Caution – the new Mac App Store just bit me

Admittedly, I had my skepticism about how an App Store was going to fair servicing applications to the desktop.

The majority of Mac users seem to quickly grasp dragging an icon to a folder or double clicking the installer; the “hard” part is unzipping a file or opening a disk image file. But perhaps there is a target audience that still has a hard time of installing apps and keeping them up to date.

The downsides I expected were the less obvious things: Apple wanting a chunk of each sale resulting in trickle down inflated prices (though for the moment quite the opposite seems to have happened), certain established apps getting marketing preference due to historic purchases rather than innovative replacements getting visibility, the fear of embedded application ads becoming mainstream in the Mac culture, etc.

I saw up sides too, with copy protection and serial number issues going away. This of course had other down sides, such as apps having to check in with the Internet. I figured this meant a lot more problems for the publishers than the end consumers.

Seems I was wrong about that. I just got bit by the App Store.

I made my first Mac App Store purchase today, and in order to do so I had to authenticate. And, I’m happy to report, the purchase process works exactly as described — the application was downloaded and installed seamlessly. Go Apple!

I then decided to see if there was an update to Aperture, which I had commercially bought. Sure enough, when I went to its page, it said it was already Installed. Clever. Well done, Apple.

This is where things start to get weird. Non-Apple applications, like Coda, which I had externally bought and purchased a while back correctly showed up as Installed as well. This was nice.

But, then I noticed that a packaged I had already purchased, had a license and receipt for, and was already installed, OmniGraphSketcher, was in the App Store, too. It did not show itself as installed. And, wanting to see if it was a newer version, I clicked on it — and next thing I know, the App store begins to purchase it.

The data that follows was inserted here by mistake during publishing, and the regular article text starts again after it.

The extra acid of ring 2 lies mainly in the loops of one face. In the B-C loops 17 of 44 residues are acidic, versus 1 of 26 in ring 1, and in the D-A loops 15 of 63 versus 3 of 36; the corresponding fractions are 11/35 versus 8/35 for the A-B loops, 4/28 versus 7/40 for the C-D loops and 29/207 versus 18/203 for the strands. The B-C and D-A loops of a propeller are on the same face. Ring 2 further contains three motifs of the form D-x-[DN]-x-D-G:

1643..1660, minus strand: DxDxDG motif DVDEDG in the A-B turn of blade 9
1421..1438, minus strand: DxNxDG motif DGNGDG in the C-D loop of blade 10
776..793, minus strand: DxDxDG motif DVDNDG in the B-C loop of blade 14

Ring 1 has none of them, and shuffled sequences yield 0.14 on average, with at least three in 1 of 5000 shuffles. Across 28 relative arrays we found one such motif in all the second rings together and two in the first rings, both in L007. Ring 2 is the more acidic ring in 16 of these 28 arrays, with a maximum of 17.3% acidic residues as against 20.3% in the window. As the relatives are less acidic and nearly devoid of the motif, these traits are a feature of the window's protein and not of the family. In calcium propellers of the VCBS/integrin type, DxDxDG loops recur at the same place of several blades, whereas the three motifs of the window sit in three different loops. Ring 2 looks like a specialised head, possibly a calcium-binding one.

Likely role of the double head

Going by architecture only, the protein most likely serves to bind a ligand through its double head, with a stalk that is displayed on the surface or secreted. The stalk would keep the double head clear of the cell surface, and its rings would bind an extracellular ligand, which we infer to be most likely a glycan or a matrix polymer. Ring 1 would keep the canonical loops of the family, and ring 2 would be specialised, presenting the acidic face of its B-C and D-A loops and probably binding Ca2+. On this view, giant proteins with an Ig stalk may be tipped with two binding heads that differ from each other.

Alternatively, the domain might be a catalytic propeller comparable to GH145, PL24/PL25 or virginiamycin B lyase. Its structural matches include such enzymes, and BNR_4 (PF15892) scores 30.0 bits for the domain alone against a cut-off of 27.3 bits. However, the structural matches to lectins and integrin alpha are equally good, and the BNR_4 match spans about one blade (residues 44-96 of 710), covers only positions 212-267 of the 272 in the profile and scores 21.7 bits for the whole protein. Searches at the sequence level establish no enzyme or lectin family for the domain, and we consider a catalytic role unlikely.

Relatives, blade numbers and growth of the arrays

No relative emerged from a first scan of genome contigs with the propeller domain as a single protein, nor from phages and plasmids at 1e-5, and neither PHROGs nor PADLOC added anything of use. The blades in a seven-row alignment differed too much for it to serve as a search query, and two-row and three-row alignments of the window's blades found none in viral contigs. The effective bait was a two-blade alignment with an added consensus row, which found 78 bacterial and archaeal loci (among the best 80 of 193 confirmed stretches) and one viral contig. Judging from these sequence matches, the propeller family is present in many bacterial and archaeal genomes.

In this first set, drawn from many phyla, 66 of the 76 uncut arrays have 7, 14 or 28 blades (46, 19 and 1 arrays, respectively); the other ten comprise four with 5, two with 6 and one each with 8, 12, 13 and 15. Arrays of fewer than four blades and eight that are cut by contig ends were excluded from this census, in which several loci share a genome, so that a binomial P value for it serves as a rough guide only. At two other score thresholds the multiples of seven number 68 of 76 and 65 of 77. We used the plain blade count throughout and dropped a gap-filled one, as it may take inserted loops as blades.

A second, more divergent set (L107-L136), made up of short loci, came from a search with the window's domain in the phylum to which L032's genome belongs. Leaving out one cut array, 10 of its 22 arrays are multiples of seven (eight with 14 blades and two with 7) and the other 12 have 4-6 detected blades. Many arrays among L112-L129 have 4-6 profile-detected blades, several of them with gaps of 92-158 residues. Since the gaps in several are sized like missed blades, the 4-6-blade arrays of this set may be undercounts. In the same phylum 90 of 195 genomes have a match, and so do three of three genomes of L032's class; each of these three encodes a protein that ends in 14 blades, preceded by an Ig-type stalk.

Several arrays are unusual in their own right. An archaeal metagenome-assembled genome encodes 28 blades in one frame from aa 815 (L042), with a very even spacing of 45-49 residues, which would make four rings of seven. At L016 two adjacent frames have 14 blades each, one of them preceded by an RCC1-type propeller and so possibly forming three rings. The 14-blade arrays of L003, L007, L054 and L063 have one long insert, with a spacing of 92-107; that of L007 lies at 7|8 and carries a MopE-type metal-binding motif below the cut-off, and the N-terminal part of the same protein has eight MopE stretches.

The problematic BUY button.Fundamentally the problem seems to be that the purchase button behaves differently whether or not you’re authenticated. Plus, you’re two pixels away from Copy Link / Tell a Friend from an actual purchase.

For me, it was an unexpected $30.00 hit to the wallet simply because the buttons didn’t behave the same way they had a moment ago. That’s just not right, especially not from Apple who studies user interfaces with the same passion you or I crave oxygen.

While I’m screaming, “No, no, no, NO, NO!!!” at my machine, which doesn’t help by the way, I was taken aback that there was NO CONFIRMATION process, nor was there a CANCEL option, nor was there a RETURN UNOPENED option.

Bad Apple, bad.

Because I had previously authenticated for a prior application, it blindly assumed I authorized this purchase. That’d be like buying one item in a store, and after the cashier touched your credit card, anything else you picked up in the store would get bought too.

I’ve just written to Apple at, and we’ll see where that goes.

UPDATE: Got a very kind email from Apple who credited me the correct amount, but for the wrong line item. I sent them a follow up because I want the right developer to be paid.

If this is an indication of how Apple will deal with application purchases in the future, we can all breath a happy sigh of relief. My own hesitations about exploring the App Store have been lightened. Plus I know never-ever-ever touch anything that looks like a price tag button, instead click the icon which doesn’t look clickable.

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